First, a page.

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    Subscriber question:

    "Any tips for flying into a Class C airport? I fly out of a small non-towered airport and find Class C intimidating." - Matthew T.


    Class C airspace is nothing to be afraid of. All it takes is some preparation and good communication skills.

    Basically, all Class C airspace is the same. The inner core is a 5NM radius of the primary airport from the surface to 4,000 feet above the primary airport. The outer ring is a 10 NM radius shelf that starts (at least) 1,200 feet above the primary airport.

    Before your first flight, review the sectional chart for your destination. The sectional will have a box depicting the approach control frequency in the sector from which you are approaching. It’s a good idea to review the airport diagram as well. You can usually determine the active runway based on the wind forecast. You should have an idea where you will turn off the runway after landing and the most probable taxi route to your destination on the airport.

    Prior to initial call-up, listen to the ATIS and pay particular attention to any NOTAMS or remarks such as taxiway closures. Contact approach control using the standard three W’s – who you are, where you are and what you want. Approach control will issue a transponder code and instructions or vectors for entering the traffic pattern. At some point, around five miles from the airport, approach will tell you to contact the tower. After that, it is just like any other towered airport. Simply follow the tower’s instructions until you land, clear the runway and taxi to your destination.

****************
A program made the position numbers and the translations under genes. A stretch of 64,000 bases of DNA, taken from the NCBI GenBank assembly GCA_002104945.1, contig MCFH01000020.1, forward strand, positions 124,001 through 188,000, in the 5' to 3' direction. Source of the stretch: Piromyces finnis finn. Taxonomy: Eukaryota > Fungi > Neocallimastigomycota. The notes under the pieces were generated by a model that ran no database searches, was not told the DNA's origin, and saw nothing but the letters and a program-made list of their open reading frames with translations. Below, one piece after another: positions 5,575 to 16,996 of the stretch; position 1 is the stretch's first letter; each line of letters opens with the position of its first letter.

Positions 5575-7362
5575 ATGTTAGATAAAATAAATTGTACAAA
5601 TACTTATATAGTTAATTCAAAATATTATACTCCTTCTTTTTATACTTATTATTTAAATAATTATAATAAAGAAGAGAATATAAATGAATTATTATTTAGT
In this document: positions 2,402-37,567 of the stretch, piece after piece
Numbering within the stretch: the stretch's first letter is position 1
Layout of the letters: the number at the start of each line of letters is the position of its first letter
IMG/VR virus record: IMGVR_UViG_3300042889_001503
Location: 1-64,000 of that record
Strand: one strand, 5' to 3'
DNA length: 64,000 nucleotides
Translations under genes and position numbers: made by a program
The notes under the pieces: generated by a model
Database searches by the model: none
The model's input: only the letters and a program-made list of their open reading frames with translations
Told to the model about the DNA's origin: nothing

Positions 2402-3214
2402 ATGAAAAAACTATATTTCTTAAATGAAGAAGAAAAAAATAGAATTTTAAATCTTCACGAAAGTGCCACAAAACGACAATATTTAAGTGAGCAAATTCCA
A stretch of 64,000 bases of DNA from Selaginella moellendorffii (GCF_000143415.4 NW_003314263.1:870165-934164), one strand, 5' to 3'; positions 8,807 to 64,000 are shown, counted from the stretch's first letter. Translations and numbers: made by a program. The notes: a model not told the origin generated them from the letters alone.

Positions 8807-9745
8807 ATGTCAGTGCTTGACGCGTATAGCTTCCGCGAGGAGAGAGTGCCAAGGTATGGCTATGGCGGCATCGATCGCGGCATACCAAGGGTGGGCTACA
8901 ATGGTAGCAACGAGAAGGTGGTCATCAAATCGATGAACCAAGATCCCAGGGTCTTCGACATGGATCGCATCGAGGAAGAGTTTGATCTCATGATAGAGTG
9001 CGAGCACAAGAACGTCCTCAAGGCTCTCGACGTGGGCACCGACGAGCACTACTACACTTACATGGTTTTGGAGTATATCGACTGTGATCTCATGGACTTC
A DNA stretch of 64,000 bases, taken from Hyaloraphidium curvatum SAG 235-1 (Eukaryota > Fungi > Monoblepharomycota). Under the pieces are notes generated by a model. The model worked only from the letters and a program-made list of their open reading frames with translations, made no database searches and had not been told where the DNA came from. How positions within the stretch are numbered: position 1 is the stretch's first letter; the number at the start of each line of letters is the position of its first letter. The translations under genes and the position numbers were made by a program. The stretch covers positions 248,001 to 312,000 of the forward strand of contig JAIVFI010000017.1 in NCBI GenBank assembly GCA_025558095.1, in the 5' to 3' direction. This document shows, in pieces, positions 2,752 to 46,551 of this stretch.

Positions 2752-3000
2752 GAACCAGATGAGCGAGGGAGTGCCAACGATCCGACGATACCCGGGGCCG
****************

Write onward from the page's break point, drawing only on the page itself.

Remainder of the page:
When departing, reverse the process by contacting clearance delivery. They will issue a transponder code, departure frequency and sometimes an altitude to maintain until advised.”

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    What are the requirements if any to overfly Class C airspace quizlet?
    What are requirements, if any, to overfly Class C airspace? Transponder with automatic altitude reporting capability is required above the airspace ceiling and upward to 10,000 feet MSL. the towered controlled airport only, as well as to fly through the area. more
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    Class A motorhomes are built on a bus or large commercial truck chassis while class B models are essentially retro-fitted vans. Finally, class C motorhomes are built on a smaller truck or cutaway van chassis. As you can see, the class of RV that you choose will have a big impact on your future adventures. more


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